I suspect some people believe I am too hard on most of the movies I write about here. From my perspective, I think I am more lenient on some pictures than the majority of critics. At least, I try to find something, anything I can say I liked in each film I see.
1955’s The Beast with a Million Eyes, in my opinion, has been subjected to excessively harsh reviews. That was the case on its original release, and I haven’t found evidence of a subsequent critical reappraisal. As I write this, the consensus for this picture on IMDB is at 3.7 out of ten. I would kick that up at least a whole number.
Typical of sci-fi movies of that era, it is set in the desert. In opening narration, Paul Birch gives the audience a bleak assessment of his life. His farm has failed each of the past three years. He tells us he’s a failure—at least, that’s what his wife tells him. Using language that is more poetic than I expected in such fare, he describes the desolation surrounding his property, and how death awaits a short distance in any direction.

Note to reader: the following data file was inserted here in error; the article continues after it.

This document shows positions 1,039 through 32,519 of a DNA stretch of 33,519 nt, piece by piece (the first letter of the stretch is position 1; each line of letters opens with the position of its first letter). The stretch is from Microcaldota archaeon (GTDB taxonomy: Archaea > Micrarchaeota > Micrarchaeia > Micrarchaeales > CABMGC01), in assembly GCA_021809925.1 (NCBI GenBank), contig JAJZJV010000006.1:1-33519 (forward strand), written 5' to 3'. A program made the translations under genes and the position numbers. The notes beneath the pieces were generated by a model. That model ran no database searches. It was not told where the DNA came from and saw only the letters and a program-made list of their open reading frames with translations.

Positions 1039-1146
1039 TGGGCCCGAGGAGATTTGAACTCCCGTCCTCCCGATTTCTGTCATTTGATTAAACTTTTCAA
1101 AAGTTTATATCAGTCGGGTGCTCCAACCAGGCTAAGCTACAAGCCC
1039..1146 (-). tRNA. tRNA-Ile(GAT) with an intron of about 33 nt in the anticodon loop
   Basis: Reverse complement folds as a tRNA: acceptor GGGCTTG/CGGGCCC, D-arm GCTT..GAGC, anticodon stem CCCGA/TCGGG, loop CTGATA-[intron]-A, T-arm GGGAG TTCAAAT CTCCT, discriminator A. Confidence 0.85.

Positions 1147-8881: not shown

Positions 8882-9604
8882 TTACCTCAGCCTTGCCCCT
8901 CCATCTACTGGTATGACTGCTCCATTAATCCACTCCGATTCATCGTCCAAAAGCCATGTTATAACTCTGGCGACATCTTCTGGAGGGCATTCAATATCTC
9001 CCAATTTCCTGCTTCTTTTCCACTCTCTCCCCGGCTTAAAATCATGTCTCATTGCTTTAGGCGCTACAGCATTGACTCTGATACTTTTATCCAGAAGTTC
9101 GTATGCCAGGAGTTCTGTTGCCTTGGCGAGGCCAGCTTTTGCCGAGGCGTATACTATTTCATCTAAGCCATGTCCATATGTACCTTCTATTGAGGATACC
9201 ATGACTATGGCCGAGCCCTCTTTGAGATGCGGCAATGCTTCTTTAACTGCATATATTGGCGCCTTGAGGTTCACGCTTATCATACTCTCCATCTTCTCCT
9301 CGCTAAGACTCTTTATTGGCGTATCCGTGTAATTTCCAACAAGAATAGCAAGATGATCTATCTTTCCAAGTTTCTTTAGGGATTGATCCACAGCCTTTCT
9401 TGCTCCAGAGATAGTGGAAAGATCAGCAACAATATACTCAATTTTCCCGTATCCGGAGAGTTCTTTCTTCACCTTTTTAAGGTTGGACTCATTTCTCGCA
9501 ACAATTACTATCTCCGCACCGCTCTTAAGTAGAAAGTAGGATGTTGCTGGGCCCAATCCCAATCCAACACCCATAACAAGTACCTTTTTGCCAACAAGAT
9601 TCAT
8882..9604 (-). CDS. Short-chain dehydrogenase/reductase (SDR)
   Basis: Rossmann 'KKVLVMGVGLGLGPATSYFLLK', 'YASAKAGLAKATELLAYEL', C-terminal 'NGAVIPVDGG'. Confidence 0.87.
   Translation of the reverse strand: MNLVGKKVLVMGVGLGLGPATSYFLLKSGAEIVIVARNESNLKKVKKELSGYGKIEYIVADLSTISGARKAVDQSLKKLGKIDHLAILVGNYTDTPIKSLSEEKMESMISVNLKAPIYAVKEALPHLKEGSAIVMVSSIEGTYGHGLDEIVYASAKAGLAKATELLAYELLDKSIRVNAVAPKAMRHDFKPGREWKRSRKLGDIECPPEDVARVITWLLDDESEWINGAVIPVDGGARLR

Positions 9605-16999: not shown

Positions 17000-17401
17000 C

Once we meet his wife (Lorna Thayer), I have no doubt she has told him he is a loser. She is so filled with angst and unfocused hatred that she might even tell him that every hour, on the hour. She even shrieks openly about how much she hates their daughter (Dona Cole) for being young, pretty and having her life ahead of her.
In keeping with some weird unspoked rule of films of any vintage, Cole does not look as young as I believe the picture wants us to think she is. I’m guessing she’s supposed to be a teenager. She looks somewhere between 25 and 30, depending on the lighting. At least, there doesn’t seem to be a wide enough gap in ages for Thayer (36 at the time) to be her mother.
The other resident on the farm is Leonard Tarver as a mute man who does work for them in exchange for a trailer and food. Supposedly, nobody can find out his name, so they just call him “Him”. I noticed Birch calls him Carl when talking to him directly, and I’m not sure why the others don’t do the same. Something seems cold about depriving a man of any moniker. This will seem especially odd given a revelation near the end.